3. Early payments
If you want to encourage early payments, offer an incentive — usually a discount of a certain percentage. Your payment terms can define what “early” means in this instance (a week in advance of the due date, for example).
6 ways to get invoices paid faster
Keep the cash flowing with these best practices for invoicing:
1. Discuss payment terms in advance
Clearly communicate your payment terms before rendering services or sending the first invoice. This will help align both parties and set clear expectations before work begins.
2. Ensure timely delivery
Sometimes, late payments aren’t the fault of the customer. If you don’t have a process in place for generating and sending invoices immediately for a completed order, you may end up waiting longer than necessary for payment. Look for a solution that automatically generates and sends invoices, to remove the opportunity for errors and delays.
3. Expand payment options
Paper cheques are fast becoming obsolete, and while they may be preferred when B2B customers are making a large purchase, many customers prefer other methods. Let customers choose from several convenient payment options, such as direct debit or credit card.
4. Enable direct payments
People get busy. Rather than making customers sign into a different platform to process payment, use an invoicing solution such as MYOB to add a simple “Pay Now” button to all outgoing invoices. Customers can pay for your products or services without ever leaving the invoice.
5. Automate past-due notices
If you’re already using a platform that generates invoices automatically, it should also be able to track the payment of invoices and send past-due notices when necessary.
Removing the human element from chasing down payments is a good way to preserve the business-client relationship.
6. Charge “overdue” fees
If a client chooses to ignore the payment terms stated on an invoice, you're entitled to charge additional fees in the form of interest. Often, a client will respond quickly after enforcement of the overdue payment terms. If it's a first-time offence, you may decide to revert the fees and use it as a warning.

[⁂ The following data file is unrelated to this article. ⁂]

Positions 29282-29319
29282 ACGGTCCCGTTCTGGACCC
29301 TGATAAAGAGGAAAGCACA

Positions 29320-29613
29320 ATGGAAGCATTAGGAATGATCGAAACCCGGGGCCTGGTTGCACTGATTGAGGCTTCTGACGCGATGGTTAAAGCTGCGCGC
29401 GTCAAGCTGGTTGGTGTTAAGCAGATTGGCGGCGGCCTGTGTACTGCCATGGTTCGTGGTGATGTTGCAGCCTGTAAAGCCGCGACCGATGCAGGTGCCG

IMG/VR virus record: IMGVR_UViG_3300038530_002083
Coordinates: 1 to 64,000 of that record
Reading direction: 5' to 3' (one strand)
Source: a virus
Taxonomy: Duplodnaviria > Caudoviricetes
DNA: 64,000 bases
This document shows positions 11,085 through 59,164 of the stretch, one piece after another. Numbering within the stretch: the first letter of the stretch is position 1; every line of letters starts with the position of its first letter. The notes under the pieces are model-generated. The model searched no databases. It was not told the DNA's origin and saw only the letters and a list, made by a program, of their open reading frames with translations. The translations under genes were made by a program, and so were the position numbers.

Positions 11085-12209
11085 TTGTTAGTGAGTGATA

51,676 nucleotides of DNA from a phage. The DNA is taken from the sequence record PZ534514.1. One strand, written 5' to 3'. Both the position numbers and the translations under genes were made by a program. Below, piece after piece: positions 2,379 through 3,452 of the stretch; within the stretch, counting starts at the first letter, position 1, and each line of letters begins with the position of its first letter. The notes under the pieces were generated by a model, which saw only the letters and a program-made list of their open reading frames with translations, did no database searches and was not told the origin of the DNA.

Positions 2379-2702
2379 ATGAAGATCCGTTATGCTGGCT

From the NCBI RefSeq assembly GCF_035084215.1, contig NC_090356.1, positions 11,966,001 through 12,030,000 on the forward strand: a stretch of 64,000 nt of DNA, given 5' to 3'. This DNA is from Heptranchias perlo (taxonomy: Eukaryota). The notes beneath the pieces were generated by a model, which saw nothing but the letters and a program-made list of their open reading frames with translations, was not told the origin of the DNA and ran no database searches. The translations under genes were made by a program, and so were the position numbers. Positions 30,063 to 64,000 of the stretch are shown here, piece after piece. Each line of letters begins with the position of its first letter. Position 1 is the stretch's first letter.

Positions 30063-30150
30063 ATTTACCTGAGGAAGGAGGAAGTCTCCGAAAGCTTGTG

Additional invoice payment terms
1% 10 Net 30: A 1% discount if payment is received within 10 days; otherwise, payment is due within 30 days. (This may also be displayed as “1/10 Net 30”)
1MD: Monthly credit for a full month’s supply
CIA: Cash in advance
COD: Cash on delivery
CND: Cash next delivery
EOM: End of month
GST: Goods and services tax
Net 7: Payment is due seven days after the invoice date. Other common terms using this format include Net 10, Net 30, Net 60, and Net 90
PIA: Payment in advance/cash in advance
How can software simplify invoicing?
The manual creation and processing of invoices presents multiple opportunities for delays and errors. A better approach is an automated invoicing system that calculates taxes, sends invoices and collects and reconciles payments.
With MYOB’s invoicing capabilities, you don’t have to worry about creating and sending invoices. Once you’ve added a customer to our system, we’ll handle the rest — invoicing, reconciliation and reminders for customers whose payments are past due.
Our one-click “Pay Now” option lets customers pay invoices immediately upon receipt, via our secure PCI DSS-compliant payments gateway. We also allow you to customise your invoices with your logo and branding.
We help businesses of all sizes in Australia and New Zealand get timely payments, remain compliant with regulations and uphold the highest standards for customer service. Find out how much easier invoicing can be with MYOB. Start your free trial today!